Missing the Target of HIPAA – Part 3
If you haven't read my previous two blogs on this topic I encourage you to do so. The first blog stresses the importance of being risk management proficient over being a HIPAA “expert”. The second blog deals with being accountable in your work actions, which means not only are you responsible for your actions, but your actions can be independently verified. These two “factors” can go a long way to protecting your organization from the risks of a breach and from substantial penalties and fines for failure to comply to HIPAA regulations. A coworker forwarded an article to me that provides a good example of both of these traits, or rather the lack of them, but also emphasizes the next important step, training.
The National Law Review article published on April 27th stated that the U.S. Department of Health and Human Services' Office for Civil Rights (OCR) announced a settlement for a breach of electronic protected health information (ePHI). This is the first settlement of a wireless health services provider, which totaled $2.5 million. The Covered Entity (CE) reported a breach effecting 1,400 people due to a laptop being stolen from a car. Later that same year the CE reported an additional breach of 2,200 individuals.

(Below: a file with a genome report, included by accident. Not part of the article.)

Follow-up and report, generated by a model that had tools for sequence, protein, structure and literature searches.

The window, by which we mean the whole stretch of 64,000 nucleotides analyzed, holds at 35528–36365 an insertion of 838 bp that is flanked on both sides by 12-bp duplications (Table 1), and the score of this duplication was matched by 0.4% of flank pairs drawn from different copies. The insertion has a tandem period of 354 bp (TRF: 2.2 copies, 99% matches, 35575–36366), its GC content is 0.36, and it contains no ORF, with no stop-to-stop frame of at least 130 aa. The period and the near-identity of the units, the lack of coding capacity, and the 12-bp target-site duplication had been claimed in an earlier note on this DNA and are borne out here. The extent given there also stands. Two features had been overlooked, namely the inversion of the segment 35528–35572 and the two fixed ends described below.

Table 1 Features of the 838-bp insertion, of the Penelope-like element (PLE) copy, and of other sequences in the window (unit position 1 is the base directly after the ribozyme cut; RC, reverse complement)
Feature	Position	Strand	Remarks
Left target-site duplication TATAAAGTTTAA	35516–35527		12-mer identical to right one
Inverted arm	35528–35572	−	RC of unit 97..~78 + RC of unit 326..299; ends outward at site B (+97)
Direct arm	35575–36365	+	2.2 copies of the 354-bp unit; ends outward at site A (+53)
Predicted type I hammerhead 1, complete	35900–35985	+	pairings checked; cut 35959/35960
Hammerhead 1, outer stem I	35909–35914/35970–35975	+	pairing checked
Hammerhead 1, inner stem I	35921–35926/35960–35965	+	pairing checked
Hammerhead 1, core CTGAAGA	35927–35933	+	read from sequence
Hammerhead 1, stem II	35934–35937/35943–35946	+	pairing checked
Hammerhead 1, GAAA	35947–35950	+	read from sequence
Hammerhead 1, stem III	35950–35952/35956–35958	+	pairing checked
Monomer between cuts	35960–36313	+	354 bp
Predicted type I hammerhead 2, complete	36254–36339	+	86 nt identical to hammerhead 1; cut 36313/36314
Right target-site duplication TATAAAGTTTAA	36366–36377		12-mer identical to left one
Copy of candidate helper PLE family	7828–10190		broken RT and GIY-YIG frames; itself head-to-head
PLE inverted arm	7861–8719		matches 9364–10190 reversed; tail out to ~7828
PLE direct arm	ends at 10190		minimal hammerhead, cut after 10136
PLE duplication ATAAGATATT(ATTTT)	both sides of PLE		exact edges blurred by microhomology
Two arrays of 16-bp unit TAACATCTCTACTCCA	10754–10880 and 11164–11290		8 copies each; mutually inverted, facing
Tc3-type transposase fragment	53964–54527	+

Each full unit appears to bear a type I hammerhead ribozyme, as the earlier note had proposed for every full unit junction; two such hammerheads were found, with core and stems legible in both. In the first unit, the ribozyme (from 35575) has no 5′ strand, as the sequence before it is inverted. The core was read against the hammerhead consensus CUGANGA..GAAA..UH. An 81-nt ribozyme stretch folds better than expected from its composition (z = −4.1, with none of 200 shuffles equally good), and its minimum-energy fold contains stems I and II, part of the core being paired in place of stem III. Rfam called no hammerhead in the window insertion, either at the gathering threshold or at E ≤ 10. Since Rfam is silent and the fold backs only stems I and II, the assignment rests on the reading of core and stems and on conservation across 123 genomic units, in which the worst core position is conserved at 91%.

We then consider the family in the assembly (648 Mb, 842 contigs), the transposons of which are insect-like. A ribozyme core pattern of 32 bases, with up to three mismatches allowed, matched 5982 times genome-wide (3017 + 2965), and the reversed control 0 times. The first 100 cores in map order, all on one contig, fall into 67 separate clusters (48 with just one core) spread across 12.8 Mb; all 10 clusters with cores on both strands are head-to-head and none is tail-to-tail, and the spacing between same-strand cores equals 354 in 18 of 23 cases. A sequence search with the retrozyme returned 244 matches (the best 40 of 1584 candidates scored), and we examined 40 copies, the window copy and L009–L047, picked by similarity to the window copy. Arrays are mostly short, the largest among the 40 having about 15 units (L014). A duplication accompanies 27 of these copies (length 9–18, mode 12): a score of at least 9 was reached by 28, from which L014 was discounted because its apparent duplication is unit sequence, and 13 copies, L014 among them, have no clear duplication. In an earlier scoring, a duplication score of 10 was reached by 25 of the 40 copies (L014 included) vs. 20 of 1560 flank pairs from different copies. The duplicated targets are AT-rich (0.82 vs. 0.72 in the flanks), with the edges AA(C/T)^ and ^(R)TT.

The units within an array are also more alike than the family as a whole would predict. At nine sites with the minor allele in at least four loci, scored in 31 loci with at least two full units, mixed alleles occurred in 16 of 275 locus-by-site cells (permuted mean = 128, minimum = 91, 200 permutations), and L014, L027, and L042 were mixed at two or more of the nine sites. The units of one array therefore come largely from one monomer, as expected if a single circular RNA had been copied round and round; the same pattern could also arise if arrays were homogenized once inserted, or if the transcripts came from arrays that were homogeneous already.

The OCR audit found that the CE had 1) not performed a risk assessment, 2) lacked sufficient risk management processes and 3) had not adopted proper policies and procedures.
In addition to the fine, the OCR implemented a two-year compliance oversight program that includes the following corrective actions:
- Conduct a risk analysis of security risks and vulnerabilities.
- Implement a risk management plan to address and mitigate the security risks and vulnerabilities identified in the risk analysis.
- Update policies and procedures based on implementation of the risk management plan.
- Implement secure device and media controls with proper encryption protocols for portable devices and media.
- Review and revise its training program relating to the use, security, encryption, handling of mobile devices, and out-of-office transmissions.
The complete National Law Review article can be found at http://www.natlawreview.com/article/stolen-laptop-and-lack-understanding-hipaa-leads-to-25-million-settlement.
The first 3 corrective actions are standard elements of risk management, which define how to perform corrective actions 4 and 5. Obviously, cybersecurity is a top priority, but workforce training, corrective action 5, is a key component of any organization’s security.
Your security is only as good as any single individual in your organization. One person clicking on an unverified hyperlink can introduce ransomware to your systems, stop delivery of healthcare and potentially damage a practice beyond repair. Training strengthens accountability and enables efficient and effective risk management. Regular up-to-date training and ongoing awareness campaigns emphasize the importance of security and maintains vigilance, helping to build a "human firewall".
These are standard deliverables for our customers and we support them throughout the process. If you’d like to learn how we can help your organization better protect your customer’s ePHI and avoid costly fines, contact us at firstname.lastname@example.org.
Protect Your Patients. Protect Your Practice. Protect Yourself™.